1. Andrew W. Mulcahy, Zachary Predmore, and Soeren Mattke, "The Cost Savings Potential of Biosimilar Drugs in the United States," RAND Corp. (2016), http://www.rand.org/content/dam/rand/pubs/perspectives/PE100/PE127/RAND_PE127.pdf.
  2. The generic drug approval pathway was created by the Drug Price Competition and Patent Term Restoration Act of 1984, which is also known as the Hatch-Waxman Act (http://www.gpo.gov/fdsys/pkg/STATUTE-98/pdf/STATUTE-98-Pg1585.pdf).
  3. The biosimilar drug approval pathway was created by the Biologics Price Competition and Innovation Act of 2009 (http://www.fda.gov/downloads/Drugs/GuidanceComplianceRegulatoryInformation/ ucm216146.pdf).
  4. U.S. Food and Drug Administration, “Nonproprietary Naming of Biological Products—Guidance for Industry” (2015), http://www.fda.gov/downloads/drugs/guidancecomplianceregulatoryinformation/ guidances/ucm459987.pdf.
  5. Letter to acting commissioner of the U.S. Food and Drug Administration, Dr. Steven Ostroff (2015), http://www.gphaonline.org/media/cms/BSN_Letter_on_Biosimilars_Naming_June2015 _FINAL_2.pdf.
  6. Biologics Prescribers Collaborative, "The Need for ‘Meaningful’ Suffixes for Biosimilar and Biologic Names" (2015), http://biologicsprescribers.org/resources/the-need-for-meaningful-suffixes-for-biosimilar-and-biologic-names.
  7. Jay P. Seigel, “Petition to the Food and Drug Administration on Behalf of Janssen Pharmaceutical Companies of Johnson & Johnson” (2014), https://www.jnj.com/sites/default/files/pdf/JnJ-Petition-Biosimilars-Naming-FINAL.pdf.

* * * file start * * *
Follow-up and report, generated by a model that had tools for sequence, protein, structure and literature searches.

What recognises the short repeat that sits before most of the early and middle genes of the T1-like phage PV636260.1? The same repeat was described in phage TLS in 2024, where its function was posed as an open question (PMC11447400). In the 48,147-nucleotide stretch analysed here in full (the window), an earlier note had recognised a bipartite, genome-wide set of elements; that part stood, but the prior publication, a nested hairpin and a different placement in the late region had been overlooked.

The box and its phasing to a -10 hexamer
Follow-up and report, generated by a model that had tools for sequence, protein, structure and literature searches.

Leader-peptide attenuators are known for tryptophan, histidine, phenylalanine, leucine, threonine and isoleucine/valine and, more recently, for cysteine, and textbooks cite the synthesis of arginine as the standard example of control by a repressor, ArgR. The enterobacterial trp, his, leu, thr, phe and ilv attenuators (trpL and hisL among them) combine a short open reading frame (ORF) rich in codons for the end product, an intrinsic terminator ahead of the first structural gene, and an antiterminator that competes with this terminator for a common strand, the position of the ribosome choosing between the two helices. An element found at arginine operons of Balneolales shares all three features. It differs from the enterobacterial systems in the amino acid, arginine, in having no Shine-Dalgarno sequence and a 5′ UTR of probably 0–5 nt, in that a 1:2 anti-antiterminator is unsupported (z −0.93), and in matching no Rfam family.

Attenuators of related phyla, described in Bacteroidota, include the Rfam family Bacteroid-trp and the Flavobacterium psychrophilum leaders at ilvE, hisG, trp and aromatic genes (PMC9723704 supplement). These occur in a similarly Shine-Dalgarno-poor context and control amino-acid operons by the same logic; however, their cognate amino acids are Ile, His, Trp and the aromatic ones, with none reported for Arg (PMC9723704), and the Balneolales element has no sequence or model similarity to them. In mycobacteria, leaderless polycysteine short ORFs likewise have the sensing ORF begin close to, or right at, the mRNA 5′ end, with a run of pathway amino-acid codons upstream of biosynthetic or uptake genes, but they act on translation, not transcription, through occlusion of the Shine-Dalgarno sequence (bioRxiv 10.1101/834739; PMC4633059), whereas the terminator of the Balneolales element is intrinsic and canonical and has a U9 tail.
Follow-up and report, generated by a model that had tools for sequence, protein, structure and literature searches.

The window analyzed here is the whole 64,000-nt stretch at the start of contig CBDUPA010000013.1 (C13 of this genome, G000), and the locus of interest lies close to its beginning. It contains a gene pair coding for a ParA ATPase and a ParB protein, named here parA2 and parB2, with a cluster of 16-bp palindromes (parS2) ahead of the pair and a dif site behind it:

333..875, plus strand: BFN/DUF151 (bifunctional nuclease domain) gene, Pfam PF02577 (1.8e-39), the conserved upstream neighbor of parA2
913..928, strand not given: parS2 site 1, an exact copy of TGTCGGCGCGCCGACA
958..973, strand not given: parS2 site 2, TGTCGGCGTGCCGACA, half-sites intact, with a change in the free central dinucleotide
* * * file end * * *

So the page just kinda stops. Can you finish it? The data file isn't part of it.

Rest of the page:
8. U.S. Congress, H.R. 3590-686, Biologics Price Competition and Innovation Act of 2009, http://www.fda.gov/downloads/Drugs/GuidanceComplianceRegulatoryInformation/ ucm216146.pdf.
  9. U.S. Food and Drug Administration, “Purple Book: Lists of Licensed Biological Products With Reference Product Exclusivity and Biosimilarity or Interchangeability Evaluations,” last updated Feb. 16, 2016, http://www.fda.gov/Drugs/DevelopmentApprovalProcess/ HowDrugsareDevelopedandApproved/ApprovalApplications/ TherapeuticBiologicApplications/Biosimilars/ucm411418.htm. FDA will list approved biosimilar and interchangeable biologic products in the Purple Book.
  10. National Conference of State Legislatures, “State Laws and Legislation Related to Biologic Medications and Substitution of Biosimilars” (October 2015), http://www.ncsl.org/documents/health/Biologics_BiosimilarsNCSLReport2015.pdf.
  11. Ibid.
  12. William H. Shrank et al., “State Generic Substitution Laws Can Lower Drug Outlays Under Medicaid,” Health Affairs 29, no. 7 (2010): 1383–90, http://www.ncbi.nlm.nih.gov/pmc/articles/PMC3103121/.
  13. William H. Shrank et al., “The Consequences of Requesting ‘Dispense as Written,’” American Journal of Medicine 124, no. 4 (2011): 309–17, http://scholar.harvard.edu/nkc/files/2011_dispense_as_written_am_j_med.pdf.